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Canning as a Family Tradition

(this is an older post, copied from my old blog that I am trying to combine with this one)

As our family grows and ages, we’re finding a somewhat regular rhythm to life. There are things to do each season. I realized this year that our end-of-summer tradition has been canning. My husband has always helped me at least one busy night of canning (depending around his work schedule). My children help, too. This year the oldest two were actually capable of really helping me, by peeling apples!

This year I picked up a really cheap apple peeler. During the move before last, I lost my metal, clamp-on-the-counter apple peeler so this year when I saw one at a garage sale for $.25 I grabbed it. I figured even if it didn’t work, it was still worth the risk.

We purchased 4 bushels of apples from an old orchard we used to live near. Five years later, though we haven’t lived anywhere near the orchard for a few years since, we still make the trek to visit the orchard. It’s a small family-run orchard with great prices. The owner has gotten to know us and is very friendly.

This year we tried the peeler on the apples, and it works great! So great that each of the two oldest kids got to help mama peel apples for applesauce, canned apple slices and apple pie filling. With each jar we filled, sealed and processed, a new family memory was made. They were both so proud of themselves, and seem to be catching my “can do” attitude. They love the fact that we can fill our shelves with our own home-canned goodness rather than spending money to buy it. They realize that money saved in one place can be saved for something bigger and better – or better spent in another area. If we can do it ourselves and save money, or do it better, or make it healthier – we do!

During the harvest season, the kids have more time off from homeschooling. We homeschool year-round because life’s interruptions never fall during the summer months. When you’re an active, large, homeschooling family, life’s interruptions can happen at any time of the year. If I relied on summer vacation as our time off, I’d feel horrible taking additional time off as needed (side from holidays and whatnot) and feel neglectful. But considering we’ve put in a pretty solid summer of homeschooling, I feel fine taking this time off now even as other students are beginning to start their school year.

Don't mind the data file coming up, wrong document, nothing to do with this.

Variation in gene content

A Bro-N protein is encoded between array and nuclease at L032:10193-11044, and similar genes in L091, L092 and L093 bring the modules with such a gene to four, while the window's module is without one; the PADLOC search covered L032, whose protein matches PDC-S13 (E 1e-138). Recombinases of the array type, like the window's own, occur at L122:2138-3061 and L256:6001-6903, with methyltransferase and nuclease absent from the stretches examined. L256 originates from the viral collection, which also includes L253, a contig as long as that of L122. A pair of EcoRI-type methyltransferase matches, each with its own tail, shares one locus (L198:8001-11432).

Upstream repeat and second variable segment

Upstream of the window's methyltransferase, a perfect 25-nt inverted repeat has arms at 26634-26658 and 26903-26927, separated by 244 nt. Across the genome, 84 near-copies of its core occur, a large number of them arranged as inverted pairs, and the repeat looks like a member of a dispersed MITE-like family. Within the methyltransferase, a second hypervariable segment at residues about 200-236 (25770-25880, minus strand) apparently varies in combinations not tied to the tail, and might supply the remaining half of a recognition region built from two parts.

The harvest season isn’t a daily, long-term commitment here. It might take me a week or a bit longer depending on how much I have to can at once. Right now I have 4 bushels of apples and about 90 lbs of potatoes to can. I’m on my 2nd day and have knocked off about 30 lbs of potatoes and 1.5 bushels of apples. A week or two ago, I took two days to can two bushels of pears. I’ll be making and canning chicken and beef stock once the weather cools, and possibly green beans from my fall garden if the harvest is as good as it looks now.

Canning is not a time where I shut all the kids away outside.. This is a time where everyone is involved. Even if it’s as simple as my two year old handing me jars from the box on the floor (and counting them as we go), or my oldest son counting out how many lids and rings we’ll need, or my daughter learning how to measure how much water and sugar we’ll need for a light syrup (then get wowed at how the white sugar turned clear in the water as it dissolved, and learn why). The kids learn about high and low acid food, and why some can be waterbath canned while others need to be pressure canned. They learn how to use the equipment, even if they’re not directly involved with the hot canning equipment. They learn about steam and how it works in the canner. They learn how to test seals and how homecanned goods should be properly stored for the best results. We count how many pints and quarts we’ve canned, separate them into different groups depending on what they are, and count how many of each. Once we’re all done and have final tallies, we’ll make some graphs and charts to show what we’ve done together as a family. We learn how the fruit grows and the kids make the hour-long drive to to the orchard with us to pick up the fruit.

The whole process of canning is a huge learning experience. And a whole lot of work. We’re making memories, learning a lot, saving a ton of money (considering we bought most of the canning equipment years ago used), exercising teamwork, and bonding together as a family.

So even though we’re taking some time off from “regular” homeschooling, we still find ways to sneak education into the other parts of life, too!

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